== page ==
What followed, however, was what some experts fear may be the perfect storm. Temperatures cooled quickly, which by itself could be problematic for late season lush plant growth. Then winter 2013-2014 graced us with its presence and brought with it several very rapid 30+ degree swings. These temp swings were followed by polar vortex winds that pushed wind chills to historic lows.
On January 21, 2014, temperatures plunged to minus 40°F over the Upper Midwest and were below zero as far south as portions of the Ohio Valley and as far east as northern New England.
As I write this, I’m enjoying a 24-hour warm up from -1° to a cozy 18°F. Bare this in mind, Fans, the Green Roof Guy is a glass-always-full kind of person. I’ve got no time for half measures or half full glasses. I’m either all in or all out. However, I try to be a pragmatic business person.
3rd highest North American snow cover this late in the season on record (48 years)! Source: NOAA
Experts are warning of catastrophic losses for AT GRADE plant material. Should they be correct, it stands to reason that those of us planting in shallow soil profiles that are elevated far above grade could experience similar, if not more severe, losses. There’s not much any of us can do about it now. Should the experts' fears come to be, as an industry, we need to begin the discussion of how to better prepare for these weather anomalies.
Part of the discussion needs to include realistic expectations of what we are attempting to accomplish with our man made “natural systems,” as well as the risks we face. The simple truth is we’re still making our way through this learning curve. Our customers need to understand their role as risk takers. Their investment in their buildings is no safer than their investments in the stock market.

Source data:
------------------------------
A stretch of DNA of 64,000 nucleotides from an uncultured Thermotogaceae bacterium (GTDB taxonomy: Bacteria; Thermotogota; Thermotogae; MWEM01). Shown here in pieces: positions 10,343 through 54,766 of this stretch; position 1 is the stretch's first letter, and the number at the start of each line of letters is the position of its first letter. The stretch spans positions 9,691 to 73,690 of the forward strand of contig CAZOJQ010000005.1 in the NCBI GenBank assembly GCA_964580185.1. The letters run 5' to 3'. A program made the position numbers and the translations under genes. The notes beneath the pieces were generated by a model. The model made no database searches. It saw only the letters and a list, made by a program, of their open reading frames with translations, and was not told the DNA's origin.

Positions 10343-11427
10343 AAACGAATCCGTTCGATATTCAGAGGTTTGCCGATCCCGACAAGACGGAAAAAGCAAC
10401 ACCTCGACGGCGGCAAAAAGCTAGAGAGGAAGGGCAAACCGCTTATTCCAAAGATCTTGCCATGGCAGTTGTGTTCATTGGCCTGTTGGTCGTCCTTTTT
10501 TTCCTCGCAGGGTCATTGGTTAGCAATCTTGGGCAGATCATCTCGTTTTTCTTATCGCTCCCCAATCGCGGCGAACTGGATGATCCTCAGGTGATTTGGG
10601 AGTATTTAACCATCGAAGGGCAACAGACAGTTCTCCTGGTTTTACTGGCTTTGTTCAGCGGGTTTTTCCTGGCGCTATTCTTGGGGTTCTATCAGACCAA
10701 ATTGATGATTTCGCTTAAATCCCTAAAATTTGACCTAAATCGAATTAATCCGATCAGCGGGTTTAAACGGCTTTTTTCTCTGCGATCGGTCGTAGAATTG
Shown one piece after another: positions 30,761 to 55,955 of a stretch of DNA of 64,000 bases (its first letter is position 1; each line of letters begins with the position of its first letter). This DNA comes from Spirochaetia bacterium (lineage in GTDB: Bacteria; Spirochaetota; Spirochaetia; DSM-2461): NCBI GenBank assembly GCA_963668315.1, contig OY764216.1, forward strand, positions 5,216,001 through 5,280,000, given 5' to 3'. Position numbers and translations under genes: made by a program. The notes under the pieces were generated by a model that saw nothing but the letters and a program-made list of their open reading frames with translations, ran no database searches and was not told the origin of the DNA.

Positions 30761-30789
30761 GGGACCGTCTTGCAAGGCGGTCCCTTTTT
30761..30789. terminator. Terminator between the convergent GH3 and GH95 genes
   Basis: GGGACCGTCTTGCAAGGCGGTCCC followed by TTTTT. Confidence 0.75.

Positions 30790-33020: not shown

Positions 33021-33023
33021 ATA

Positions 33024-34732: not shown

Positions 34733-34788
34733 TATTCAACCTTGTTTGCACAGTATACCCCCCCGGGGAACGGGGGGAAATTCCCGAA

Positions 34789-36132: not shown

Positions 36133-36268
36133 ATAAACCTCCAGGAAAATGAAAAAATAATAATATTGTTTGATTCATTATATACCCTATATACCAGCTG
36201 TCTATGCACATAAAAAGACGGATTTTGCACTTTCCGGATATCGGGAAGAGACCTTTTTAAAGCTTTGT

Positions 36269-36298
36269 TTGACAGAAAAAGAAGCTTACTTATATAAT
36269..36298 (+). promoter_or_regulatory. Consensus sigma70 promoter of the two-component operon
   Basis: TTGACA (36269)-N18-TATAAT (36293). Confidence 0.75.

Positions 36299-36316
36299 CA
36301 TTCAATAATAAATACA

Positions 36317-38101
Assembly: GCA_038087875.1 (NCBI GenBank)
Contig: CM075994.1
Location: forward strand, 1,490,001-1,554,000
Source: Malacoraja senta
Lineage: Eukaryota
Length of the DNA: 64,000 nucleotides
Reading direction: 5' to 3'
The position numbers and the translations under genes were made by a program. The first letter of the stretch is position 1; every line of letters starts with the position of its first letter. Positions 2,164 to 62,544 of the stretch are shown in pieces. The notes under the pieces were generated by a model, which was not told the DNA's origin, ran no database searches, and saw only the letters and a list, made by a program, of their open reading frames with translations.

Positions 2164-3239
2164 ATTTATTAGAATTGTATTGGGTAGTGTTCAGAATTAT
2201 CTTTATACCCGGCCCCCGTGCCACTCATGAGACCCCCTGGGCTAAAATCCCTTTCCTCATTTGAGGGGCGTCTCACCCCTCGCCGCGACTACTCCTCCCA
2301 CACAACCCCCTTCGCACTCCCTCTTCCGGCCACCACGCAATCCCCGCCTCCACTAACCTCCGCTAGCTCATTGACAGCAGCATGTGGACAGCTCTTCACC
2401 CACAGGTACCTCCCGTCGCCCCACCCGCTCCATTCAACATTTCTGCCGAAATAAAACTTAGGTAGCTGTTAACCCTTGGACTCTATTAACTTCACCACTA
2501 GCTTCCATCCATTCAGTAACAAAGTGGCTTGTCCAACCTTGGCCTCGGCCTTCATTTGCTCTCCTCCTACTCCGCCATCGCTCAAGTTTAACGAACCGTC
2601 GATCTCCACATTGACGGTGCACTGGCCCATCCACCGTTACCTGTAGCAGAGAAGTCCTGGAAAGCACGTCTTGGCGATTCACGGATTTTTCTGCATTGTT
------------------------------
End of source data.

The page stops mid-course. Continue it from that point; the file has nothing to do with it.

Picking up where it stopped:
The impression that we humans can warranty the life of a living system is flawed. We’re not in the hardscape business. There’s no such thing as a No Dollar Limit warranty on a plant. While the word “roof” may be embedded in the moniker of our industry, we are not in the roofing business. The nearly five year endeavor to develop wind and fire design guidelines should serve to demonstrate this fact.
The American roofing industry has a 160-year head start on us. They’ve gone from a focus on maintenance, to bonded roof installations (if you don’t know, grab a roofer over the age of 60 and ask), to the age of the roof consultant, to the NDL warranty, only to return to a focus on maintenance.
Let’s save ourselves 160 years of agony and lawsuits and focus on what we already know: our gardens require tending.
Looking forward to winter's thaw; Photo: HDW.
Spring starts on Thursday. Stay warm, my green friends, summer is out there waiting for us, I promise.
Kelly Luckett, The Green Roof Guy
Kelly Luckett is President of GREEN ROOF BLOCKS and Green Paks and a member of the USGBC; he is also a contributing editor on Greenroofs.com, The Green Roof Guy. Kelly has been involved in the industry since 1980, is a LEED Accredited Professional and also holds a GRP accreditation - Green Roof Professional. In 2009, Kelly authored Green Roof Construction and Maintenance, published by McGraw-Hill's Greensource and in 2010 he received the Green Roofs for Healthy Cities Civic Award of Excellence in recognition of his contribution to the green roof industry.
Contact Kelly at: 314.220.2113, or email him at either: GreenRoofGuy@greenroofs.com or firstname.lastname@example.org.